After repeated denials from the head of the CIA that his agents hacked into Senate computers, the spy agency’s Inspector General’s Office found that they did in fact do it. The report says CIA personnel improperly accessed Senate Intelligence Committee computers when they were being used to put together a report on the agency’s detention and interrogation program.
“As far as the allegations of, you know, CIA hacking into, you know, Senate computers, nothing could be further from the truth,” John Brennan said in March. “I mean, we wouldn’t do that. I mean, that’s—that’s just beyond the—you know, the scope of reason in terms of what we would do.”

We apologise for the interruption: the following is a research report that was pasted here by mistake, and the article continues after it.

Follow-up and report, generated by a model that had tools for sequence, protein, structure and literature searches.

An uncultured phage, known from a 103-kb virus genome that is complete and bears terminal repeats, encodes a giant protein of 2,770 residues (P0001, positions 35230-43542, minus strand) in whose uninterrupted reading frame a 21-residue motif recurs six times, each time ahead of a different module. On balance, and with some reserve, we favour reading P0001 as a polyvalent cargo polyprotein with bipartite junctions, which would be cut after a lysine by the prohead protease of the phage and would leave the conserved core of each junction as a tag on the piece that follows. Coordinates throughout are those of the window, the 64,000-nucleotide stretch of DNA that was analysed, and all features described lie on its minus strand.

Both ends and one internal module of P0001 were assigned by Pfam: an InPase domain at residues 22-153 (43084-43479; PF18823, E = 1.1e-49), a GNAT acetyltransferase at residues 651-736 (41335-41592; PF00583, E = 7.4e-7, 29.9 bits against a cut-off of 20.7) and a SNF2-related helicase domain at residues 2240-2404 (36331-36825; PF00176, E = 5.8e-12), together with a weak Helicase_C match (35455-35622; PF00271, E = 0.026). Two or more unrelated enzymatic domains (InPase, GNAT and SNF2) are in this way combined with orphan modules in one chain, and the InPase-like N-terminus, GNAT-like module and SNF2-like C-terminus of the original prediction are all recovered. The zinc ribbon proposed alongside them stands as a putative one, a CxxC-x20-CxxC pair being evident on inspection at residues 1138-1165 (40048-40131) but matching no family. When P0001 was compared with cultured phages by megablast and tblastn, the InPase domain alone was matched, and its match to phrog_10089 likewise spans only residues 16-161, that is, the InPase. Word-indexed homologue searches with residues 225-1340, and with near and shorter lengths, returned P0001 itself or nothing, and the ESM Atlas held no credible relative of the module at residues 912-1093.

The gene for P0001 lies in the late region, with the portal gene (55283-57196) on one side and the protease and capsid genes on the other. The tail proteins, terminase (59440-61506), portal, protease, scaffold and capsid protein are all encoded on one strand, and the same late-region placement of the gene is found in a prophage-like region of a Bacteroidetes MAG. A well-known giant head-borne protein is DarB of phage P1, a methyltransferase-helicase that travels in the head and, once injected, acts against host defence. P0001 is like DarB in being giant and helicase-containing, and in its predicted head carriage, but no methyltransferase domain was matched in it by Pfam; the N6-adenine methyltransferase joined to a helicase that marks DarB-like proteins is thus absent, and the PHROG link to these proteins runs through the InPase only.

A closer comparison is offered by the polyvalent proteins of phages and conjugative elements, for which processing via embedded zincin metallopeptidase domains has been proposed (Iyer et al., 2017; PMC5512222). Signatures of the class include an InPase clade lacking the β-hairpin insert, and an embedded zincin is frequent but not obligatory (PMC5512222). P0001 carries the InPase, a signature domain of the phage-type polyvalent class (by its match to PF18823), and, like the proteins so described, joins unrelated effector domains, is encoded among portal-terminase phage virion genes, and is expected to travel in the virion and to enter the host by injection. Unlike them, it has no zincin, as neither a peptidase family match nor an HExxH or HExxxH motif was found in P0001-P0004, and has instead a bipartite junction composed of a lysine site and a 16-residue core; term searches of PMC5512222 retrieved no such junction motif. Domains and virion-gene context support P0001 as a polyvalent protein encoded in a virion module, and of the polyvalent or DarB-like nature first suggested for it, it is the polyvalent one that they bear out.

On Thursday, Brennan briefed and apologized to Intelligence Committee Chairwoman Dianne Feinstein and Vice Chairman Saxby Chambliss. The Senate report, which is expected to be released soon, was investigating the CIA’s use of interrogation methods that some deemed torture in secret overseas prisons during the Bush administration.
When asked in the spring if he would resign if CIA hacking turned out to be true, Brennan said he would leave that to President Obama.
“If I did something wrong, I will go to the president, and I will explain to him exactly what I did, and what the findings were. And he is the one who can ask me to stay or to go.”
The White House said today that Obama has “great confidence” in Brennan. Senator Mark Udall, who sits on the Intelligence Committee, says the revelation "shatters" his confidence in Brennan.